To get the word out, instructors need to learn how to use social media to advertise. Websites like Facebook, Twitter, YouTube, and even LinkedIn offer excellent networking and personal branding opportunities.

Many new teachers can find work leading sessions in nontraditional forums. For example, some companies hire teachers to lead lunchtime or after-work yoga classes. These opportunities can build a following of individuals who would attend classes in a more traditional setting, such as a studio. Once a new teacher has established a client base, private lessons can prove very lucrative as well.

How the Brain Functions During Meditation

meditation pic Several forms of meditation exist, until now, little research has examined if and how these variants affect the body. Recently, researchers from the University of Oslo, the University of Sydney, and the Norwegian University of Science and Technology have teamed to study exactly how different forms of meditation affect the brain.

The researchers have initially divided meditation into two techniques. Concentrative meditation involves intense focus on breath or mantra while suppressing other thoughts. Nondirective meditation is the term for meditation that involves focus but also allows the mind to wander. The team tested 14 experienced meditators in an MRI machine while they undertook both forms of meditation.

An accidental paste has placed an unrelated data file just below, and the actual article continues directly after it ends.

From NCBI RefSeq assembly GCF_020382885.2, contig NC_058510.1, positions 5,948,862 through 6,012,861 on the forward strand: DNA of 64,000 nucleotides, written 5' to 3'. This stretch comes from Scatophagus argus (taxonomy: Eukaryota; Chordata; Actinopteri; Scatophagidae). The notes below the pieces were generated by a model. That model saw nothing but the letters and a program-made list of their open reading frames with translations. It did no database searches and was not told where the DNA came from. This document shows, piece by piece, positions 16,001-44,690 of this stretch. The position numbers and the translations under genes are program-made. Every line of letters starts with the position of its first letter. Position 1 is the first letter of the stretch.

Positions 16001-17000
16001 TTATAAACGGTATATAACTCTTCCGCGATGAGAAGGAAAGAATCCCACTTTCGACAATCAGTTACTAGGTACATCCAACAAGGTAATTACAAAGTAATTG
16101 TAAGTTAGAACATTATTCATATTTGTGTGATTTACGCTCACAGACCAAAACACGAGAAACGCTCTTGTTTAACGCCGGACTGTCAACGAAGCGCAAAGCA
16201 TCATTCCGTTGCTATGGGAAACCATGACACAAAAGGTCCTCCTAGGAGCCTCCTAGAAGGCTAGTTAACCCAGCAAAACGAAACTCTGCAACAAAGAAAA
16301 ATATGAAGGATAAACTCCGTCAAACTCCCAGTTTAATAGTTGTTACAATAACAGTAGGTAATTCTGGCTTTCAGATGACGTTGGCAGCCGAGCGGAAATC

After the tests, the team found that nondirective meditation led to higher levels of brain activity than were seen in subjects at rest. Brain activity was especially high in the parts of the brain that process thoughts and feelings. Concentrative meditation, on the other hand, caused virtually no increase in activity in these parts of the brain.

These results were surprising because they show that brain activity goes down when one focuses. In addition, the results demonstrate how nondirective meditation can actually increase space for processing memories and emotions. Typically, the area of the brain involved has its highest level of activity during rest, making it remarkable that nondirective meditation increases activity levels even more.

What Equipment Do You Need to Practice Yoga?

Yoga Equipment pic Yoga is among the simplest fitness disciplines around, in that it requires little or no investment in costly props, accessories, and equipment. Your own body and its capacity to stretch and relax, and your own mind’s ability to achieve a state of focus and calm, are at the center of any yoga practice. Yet that doesn’t mean you can’t use a few helpful items that can enable you to achieve your exercise goals.